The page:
Juventus have pledged their "full support" to Antonio Conte and assistant Angelo Alessio after they were banned by the Italian Football Federation.
The coach of the reigning Serie A champions was accused by the FIGC of failing to report alleged match-fixing involving Siena when he managed them in the 2010-11 Serie B season. Charges against Conte of direct involvement in match-fixing were dismissed last month, but the FIGC are satisfied he was aware it was taking place.
He now faces a 10-month suspension while Alessio, who followed Conte from Siena to Juventus, has also been banned for eight months - although the Old Lady were boosted after players Leonardo Bonucci and Simone Pepe were acquitted of all charges.
The club said in a statement: "Juventus Football Club warmly welcomes the acquittal of its players Leonardo Bonucci and Simone Pepe, and reiterates its full support for Antonio Conte and Angelo Alessio in the hope the next stage of the process will finally prove their innocence.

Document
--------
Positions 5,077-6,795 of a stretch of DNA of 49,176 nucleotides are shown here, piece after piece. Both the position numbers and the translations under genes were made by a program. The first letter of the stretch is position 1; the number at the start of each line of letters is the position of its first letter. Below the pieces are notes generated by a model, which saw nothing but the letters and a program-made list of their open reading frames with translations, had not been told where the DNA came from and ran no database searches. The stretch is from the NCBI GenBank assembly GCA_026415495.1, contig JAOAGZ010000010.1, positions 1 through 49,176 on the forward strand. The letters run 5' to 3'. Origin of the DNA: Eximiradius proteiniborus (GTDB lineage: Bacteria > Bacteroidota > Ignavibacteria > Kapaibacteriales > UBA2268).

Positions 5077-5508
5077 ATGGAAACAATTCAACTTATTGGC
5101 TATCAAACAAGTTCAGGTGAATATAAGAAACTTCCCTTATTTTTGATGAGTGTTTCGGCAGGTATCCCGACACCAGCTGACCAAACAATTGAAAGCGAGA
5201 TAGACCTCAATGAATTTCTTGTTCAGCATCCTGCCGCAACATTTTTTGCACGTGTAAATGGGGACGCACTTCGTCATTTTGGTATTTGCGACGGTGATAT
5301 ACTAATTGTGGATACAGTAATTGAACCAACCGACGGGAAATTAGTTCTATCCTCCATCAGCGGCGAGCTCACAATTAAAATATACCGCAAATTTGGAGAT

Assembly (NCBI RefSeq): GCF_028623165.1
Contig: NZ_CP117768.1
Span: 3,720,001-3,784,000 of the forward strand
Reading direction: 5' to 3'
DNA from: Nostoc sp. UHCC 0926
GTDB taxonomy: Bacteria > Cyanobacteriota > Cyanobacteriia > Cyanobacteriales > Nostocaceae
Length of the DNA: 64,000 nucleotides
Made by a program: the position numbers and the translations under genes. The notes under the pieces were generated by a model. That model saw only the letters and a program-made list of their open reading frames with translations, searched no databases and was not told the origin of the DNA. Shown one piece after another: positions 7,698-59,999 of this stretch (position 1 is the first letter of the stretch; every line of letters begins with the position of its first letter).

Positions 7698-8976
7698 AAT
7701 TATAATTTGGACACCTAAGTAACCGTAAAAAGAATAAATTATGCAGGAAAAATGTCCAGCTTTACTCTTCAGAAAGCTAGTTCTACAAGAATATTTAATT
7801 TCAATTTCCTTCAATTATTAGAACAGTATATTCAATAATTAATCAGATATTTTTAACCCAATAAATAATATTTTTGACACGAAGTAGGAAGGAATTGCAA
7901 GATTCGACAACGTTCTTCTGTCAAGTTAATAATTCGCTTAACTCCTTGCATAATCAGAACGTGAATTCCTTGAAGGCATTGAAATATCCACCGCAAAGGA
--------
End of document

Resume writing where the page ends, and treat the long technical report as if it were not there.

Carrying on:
"A group of legal professionals have been appointed by the individuals concerned and, with the full support of the club, is already working to prepare grounds for an appeal."
Juventus later added on their official website that Massimo Carrera would replace Conte as the team's caretaker coach.
The fall-out from the enquiry has also seen Lecce and Grosseto demoted from Serie B.
The two clubs were found guilty of the more serious charge of direct involvement in match-fixing and their punishments reflected that, with both clubs relegated to Lega Pro ahead of the 2012-13 campaign.
Former Lecce president Giovanni Semeraro, who sold the club in June, and former Grosseto president Piero Camilli have been handed five-year bans for their part in the scandal.
Former Bari defender Nicola Belmonte faces a six-month suspension but Marco di Vaio, Salvatore Masiello, Daniele Padelli and Giuseppe Vives had their charges dropped. In total, 45 people and 13 clubs were under investigation, among them Conte's former side Siena, who last week accepted a six-point deduction in a plea bargain deal.